So the question is: How do I stay fired up instead of burned out? Many ask me that question so I shall attempt to answer.
1 Involvement with profession-I have been a lifelong member of the American Dental Hygienists' Association. In addition, I have been a long-time member of the International Federation of Dental Hygienists and the Association of Dental Implant Auxiliaries. Staying active in my state and local components provided me continuing education, networking, and interacting with my peers about issues in clinical practice or with our profession.
Most importantly, the professional association offers us leadership development opportunities by serving as a board member or officer.
2 Lifelong learning-I have always been an information seeker. Going to continuing education courses, attending state and national conferences, reading journals, and attending study clubs have kept me current on new technology, products, and techniques. I have enjoyed networking and meeting others in my profession. Both the information gained and new colleagues I've met have kept me passionate about dental hygiene.
I need the intellectual stimulation to keep me excited about services I offer to my patients, students, and participants in my CE courses. If I were using the same instruments and techniques taught to me in school, I would have grown bored with being just a "mouth janitor" years ago. When I went to dental hygiene school, we never thought about oral health and its connection to overall health of our patients. In fact, we only used single-ended instruments, and I had only one curette-a universal Columbia 13/14. That was standard practice in the 1960s.
3 Volunteering-As mentioned in my graduation speech last night, it is imperative that we involve ourselves in the community outside of the dental office that employs us. When you consider nearly 50% of the population does not have access to dental care, we can play a vital role in improving the health of the public. Not only do we serve the community, we also stay energized in our profession. Ask anyone who volunteers; you will receive more than what you gave from the experience. People are so grateful for your information and services, often sharing tears and hugs.
4 Going back to college-For me, continued learning has been a necessity. I need the intellectual stimulation that I suspect many of you also do. Not only does education improve your brain, it makes you more interesting to your patients. It also can provide opportunities for advancement into other areas of dental hygiene.
Many jobs outside of clinical hygiene require a bachelor's degree as a minimum. If going into education, you will need a master's degree. How fortunate we are that, today, you can earn both degrees online in the comfort of your home at your convenience. I have never regretted the investment in higher education, and it definitely afforded me more opportunities to expand and grow my career.
5 Promoting your profession-Have you taken advantage of opportunities to promote our profession? Career fairs, National Dental Hygiene Month (October), and National Children's Dental Health Month (February) challenge us to reach out to the community to tell the "world" who we are and all that we do for the public.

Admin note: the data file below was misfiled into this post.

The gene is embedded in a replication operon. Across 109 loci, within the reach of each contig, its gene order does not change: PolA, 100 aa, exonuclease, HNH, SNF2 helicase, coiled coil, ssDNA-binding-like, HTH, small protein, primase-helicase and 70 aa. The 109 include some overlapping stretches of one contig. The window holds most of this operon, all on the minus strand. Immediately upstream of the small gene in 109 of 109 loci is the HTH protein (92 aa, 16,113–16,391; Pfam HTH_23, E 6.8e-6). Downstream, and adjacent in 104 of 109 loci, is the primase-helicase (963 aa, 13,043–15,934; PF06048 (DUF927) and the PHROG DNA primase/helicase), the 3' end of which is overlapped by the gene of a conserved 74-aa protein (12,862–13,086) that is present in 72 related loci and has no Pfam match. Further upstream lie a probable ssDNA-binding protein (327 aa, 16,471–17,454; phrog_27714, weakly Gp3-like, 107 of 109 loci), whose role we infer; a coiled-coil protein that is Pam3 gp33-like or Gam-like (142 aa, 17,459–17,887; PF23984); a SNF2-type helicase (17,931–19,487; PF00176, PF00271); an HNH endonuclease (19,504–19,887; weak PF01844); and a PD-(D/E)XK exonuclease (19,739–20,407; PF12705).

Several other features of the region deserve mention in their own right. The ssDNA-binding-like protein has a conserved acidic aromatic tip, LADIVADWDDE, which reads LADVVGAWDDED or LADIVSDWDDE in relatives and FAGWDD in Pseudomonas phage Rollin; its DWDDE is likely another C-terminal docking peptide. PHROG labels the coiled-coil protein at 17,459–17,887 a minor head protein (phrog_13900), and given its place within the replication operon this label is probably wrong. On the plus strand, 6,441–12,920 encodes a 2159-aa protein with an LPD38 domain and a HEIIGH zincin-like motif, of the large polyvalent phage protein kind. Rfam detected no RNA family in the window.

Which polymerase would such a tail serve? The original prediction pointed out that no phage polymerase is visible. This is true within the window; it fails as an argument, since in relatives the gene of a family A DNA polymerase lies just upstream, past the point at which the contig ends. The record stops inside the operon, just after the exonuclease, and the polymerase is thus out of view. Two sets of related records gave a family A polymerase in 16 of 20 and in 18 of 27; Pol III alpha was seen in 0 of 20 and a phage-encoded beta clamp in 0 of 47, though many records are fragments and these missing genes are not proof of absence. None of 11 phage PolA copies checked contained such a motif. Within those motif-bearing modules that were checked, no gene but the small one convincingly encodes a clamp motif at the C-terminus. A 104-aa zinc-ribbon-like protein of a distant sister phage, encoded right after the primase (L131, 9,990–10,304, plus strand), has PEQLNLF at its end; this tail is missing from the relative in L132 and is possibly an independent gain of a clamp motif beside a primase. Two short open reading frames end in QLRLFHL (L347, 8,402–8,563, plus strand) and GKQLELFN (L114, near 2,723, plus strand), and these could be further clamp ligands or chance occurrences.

I have always used these occasions to appear on local TV and radio, as well as a speaker for the Rotary Clubs and business leaders in the Chamber of Commerce, to name a few. Recently, I participated in career day and spoke to four first-grade classrooms about what I do as a dental hygienist. It is never too early to plant a seed.
It takes initiative to appear at these venues. I make the contact and have never been turned away. In fact, most have welcomed me to be a guest and have given valuable feedback. "I didn't know that about dental hygiene or how oral health is connected to so many other medical conditions."
Living in Florida, I have many opportunities to reach out to assisted living centers and senior centers to talk about oral health. With many people retaining their natural teeth much longer, they are eager to learn more about oral health. Seniors always present a plethora of questions, keeping me on my toes. I have met some lovely ladies in these presentations, including widows of dentists. They were great contributors to my program and so appreciative of the information.
These are the five suggestions I share with you to help you realize dental hygiene is not "just a job," but rather a calling to, as the dental hygiene oath says, "improve the health of the public." Are you seeking opportunities to expand your calling, or are you content just having a "job"? I challenge you to become engaged for enhanced career satisfaction.
Ask yourself, "Do I really love what I do, or am I just putting in my time?" Ask yourself what you can do to expand your opportunities and passion for dental hygiene. I encourage you to reach out to your community. We have much work to do as we elevate the dental hygienist in the eyes of the public. RDH
Linda Meeuwenberg, RDH, MA, MA, FADIA , a professor emeritus of Ferris State University, is the founder and CEO of Professional Development Association, Inc. She is an RDH/Sunstar Award of Distinction recipient and named a Woman of Excellence by her local Chamber of Commerce in Florida. She delivers powerful seminars and keynotes that motivate her participants to action. Her website is lindapda.com.